Dorsoduro has reinvented itself as Venice’s own Soho. Visit the Peggy Guggenheim Collection and Pinault’s Punta della Dogana, and keep an eye out for the smaller galleries sprouting up in the neighborhood all the time. The district has long been a favorite with foreign second-home buyers, meaning that Dorsoduro doesn’t have the same Venetian feel as nearby San Polo. However, it has beautiful boutique hotels, fine eateries and world-renowned modern and contemporary art. This is an excellent neighborhood for art lovers, but it’s also ideal for winter breaks as it’s the sunniest part of the city.
Best neighborhood for immersing yourself in art
While Dorsoduro can boast some incredible collections, one might say that the true art hotspot of the city is Castello. Facing right onto the Lagoon and with a quieter vibe than its packed next-door neighbor San Marco, Castello is the domain of the Venice Biennale. From the Giardini della Biennale with their famous thirty pavilions, each belonging to a different country that uses them to display their works of art every two years, to the spaces within the Arsenale, you can feel the mark left by the Biennale everywhere you walk in Castello.
But history hangs heavy here as well; the Arsenale, where specialized artisans crafted all kinds of ships, is what made Venice a maritime powerhouse and helped it dominate the seas for more than a millennium. If you want to take a break from all the sightseeing, you can always rest for a bit at the Parco delle Rimembranze, also known as the Sant’Elena pinewood, right on the tip of the sestiere and looking out onto the Lido.
Best neighborhood for feeling like a local
Cannaregio is the largest and most populous Venetian sestiere. It’s pretty close to Venice’s train station, Santa Lucia, and so it bustles with activity – commuters arriving from the mainland into Venice for their workday, people going to and from the more central areas of the city. Unlike San Marco, though, Cannaregio’s vibe remains more local and informal, and it’s a great place to be if you want to enjoy the more famous landmarks during the day but then retire to a quieter area (well, as quiet as Venice can be) for the night.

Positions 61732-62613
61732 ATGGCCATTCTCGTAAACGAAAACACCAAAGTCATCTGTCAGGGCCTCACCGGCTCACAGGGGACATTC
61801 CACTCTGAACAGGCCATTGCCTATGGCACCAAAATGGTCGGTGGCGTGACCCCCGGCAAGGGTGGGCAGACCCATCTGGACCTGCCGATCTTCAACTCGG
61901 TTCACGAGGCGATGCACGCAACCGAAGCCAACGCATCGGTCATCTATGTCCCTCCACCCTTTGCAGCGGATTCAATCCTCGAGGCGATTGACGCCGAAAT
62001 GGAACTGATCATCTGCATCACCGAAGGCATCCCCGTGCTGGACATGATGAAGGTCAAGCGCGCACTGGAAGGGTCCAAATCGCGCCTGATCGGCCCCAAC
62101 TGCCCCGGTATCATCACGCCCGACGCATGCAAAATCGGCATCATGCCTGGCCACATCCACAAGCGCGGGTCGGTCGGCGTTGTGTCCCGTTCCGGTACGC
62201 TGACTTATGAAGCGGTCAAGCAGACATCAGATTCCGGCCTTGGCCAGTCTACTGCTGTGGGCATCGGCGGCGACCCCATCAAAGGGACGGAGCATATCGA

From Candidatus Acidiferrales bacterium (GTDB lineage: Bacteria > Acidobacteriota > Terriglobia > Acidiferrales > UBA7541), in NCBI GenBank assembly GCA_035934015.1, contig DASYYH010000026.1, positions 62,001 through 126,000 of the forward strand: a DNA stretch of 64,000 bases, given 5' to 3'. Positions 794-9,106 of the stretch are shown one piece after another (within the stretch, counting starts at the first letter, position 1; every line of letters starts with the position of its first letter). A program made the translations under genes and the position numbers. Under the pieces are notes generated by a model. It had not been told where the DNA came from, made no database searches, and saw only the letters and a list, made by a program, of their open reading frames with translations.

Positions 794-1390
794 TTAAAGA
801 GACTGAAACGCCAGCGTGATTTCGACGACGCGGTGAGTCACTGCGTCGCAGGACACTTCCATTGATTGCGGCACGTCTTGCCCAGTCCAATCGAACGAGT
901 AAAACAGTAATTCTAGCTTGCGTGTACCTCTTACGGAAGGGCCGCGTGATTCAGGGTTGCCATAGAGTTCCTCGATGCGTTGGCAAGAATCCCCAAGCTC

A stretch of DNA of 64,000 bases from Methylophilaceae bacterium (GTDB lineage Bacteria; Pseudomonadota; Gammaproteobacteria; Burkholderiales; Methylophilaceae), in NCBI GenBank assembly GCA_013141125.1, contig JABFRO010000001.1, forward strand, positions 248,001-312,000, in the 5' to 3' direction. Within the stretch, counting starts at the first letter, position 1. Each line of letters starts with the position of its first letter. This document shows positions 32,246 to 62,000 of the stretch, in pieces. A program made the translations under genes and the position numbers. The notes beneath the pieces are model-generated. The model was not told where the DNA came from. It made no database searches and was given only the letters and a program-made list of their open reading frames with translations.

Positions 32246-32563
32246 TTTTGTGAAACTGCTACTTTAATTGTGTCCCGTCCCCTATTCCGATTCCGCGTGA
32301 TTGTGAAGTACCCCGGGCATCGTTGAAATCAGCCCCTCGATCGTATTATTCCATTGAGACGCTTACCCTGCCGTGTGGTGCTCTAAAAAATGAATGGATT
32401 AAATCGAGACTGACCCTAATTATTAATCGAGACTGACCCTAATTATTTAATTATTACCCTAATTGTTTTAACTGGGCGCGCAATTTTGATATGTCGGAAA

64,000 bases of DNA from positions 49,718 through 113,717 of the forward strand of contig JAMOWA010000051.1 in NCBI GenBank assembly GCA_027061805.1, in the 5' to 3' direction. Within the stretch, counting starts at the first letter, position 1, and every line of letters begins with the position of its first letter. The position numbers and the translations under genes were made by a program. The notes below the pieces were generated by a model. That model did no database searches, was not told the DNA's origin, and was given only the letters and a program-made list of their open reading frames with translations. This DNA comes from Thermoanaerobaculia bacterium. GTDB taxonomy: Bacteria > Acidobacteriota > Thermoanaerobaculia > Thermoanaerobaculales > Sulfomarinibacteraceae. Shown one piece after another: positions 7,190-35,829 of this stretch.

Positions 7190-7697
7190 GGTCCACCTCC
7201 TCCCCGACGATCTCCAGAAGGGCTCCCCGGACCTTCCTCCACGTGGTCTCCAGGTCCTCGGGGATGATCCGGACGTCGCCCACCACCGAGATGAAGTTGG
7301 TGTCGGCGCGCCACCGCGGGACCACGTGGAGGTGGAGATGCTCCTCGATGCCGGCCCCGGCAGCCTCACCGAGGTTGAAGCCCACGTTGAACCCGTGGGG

This sestiere is also where the old Jewish quarter used to be, and the Jewish community and their heritage are still a huge part of the neighborhood – from the two active synagogues to museums and several kosher eateries.
6. Santa Croce
Best neighborhood for day tours
Santa Croce is the only sestiere of Venice where cars and buses are allowed to move around before having to stop due to the lack of roads and an abundance of canals. It’s where the Santa Lucia train station is located and the main entryway into the city for anyone who arrives using the bridge connecting Venice to the mainland. It’s a great choice if Venice isn’t the only stop of your journey to this part of Italy – those planning to leave the Lagoon for some day excursions to other parts of Veneto or maybe some of the beach locations both North and South of the city.
Santa Croce might not look quite as pretty as the other sestieri, but there are plenty of things to keep you interested – like the Museo di Storia Naturale di Venezia within the old Fondaco dei Turchi, the vibrant square of San Giacomo dell’Orio and the Palazzo Mocenigo, Venice’s museum of fashion history as well as possible haunting grounds of the ghost of philosopher and writer Giordano Bruno.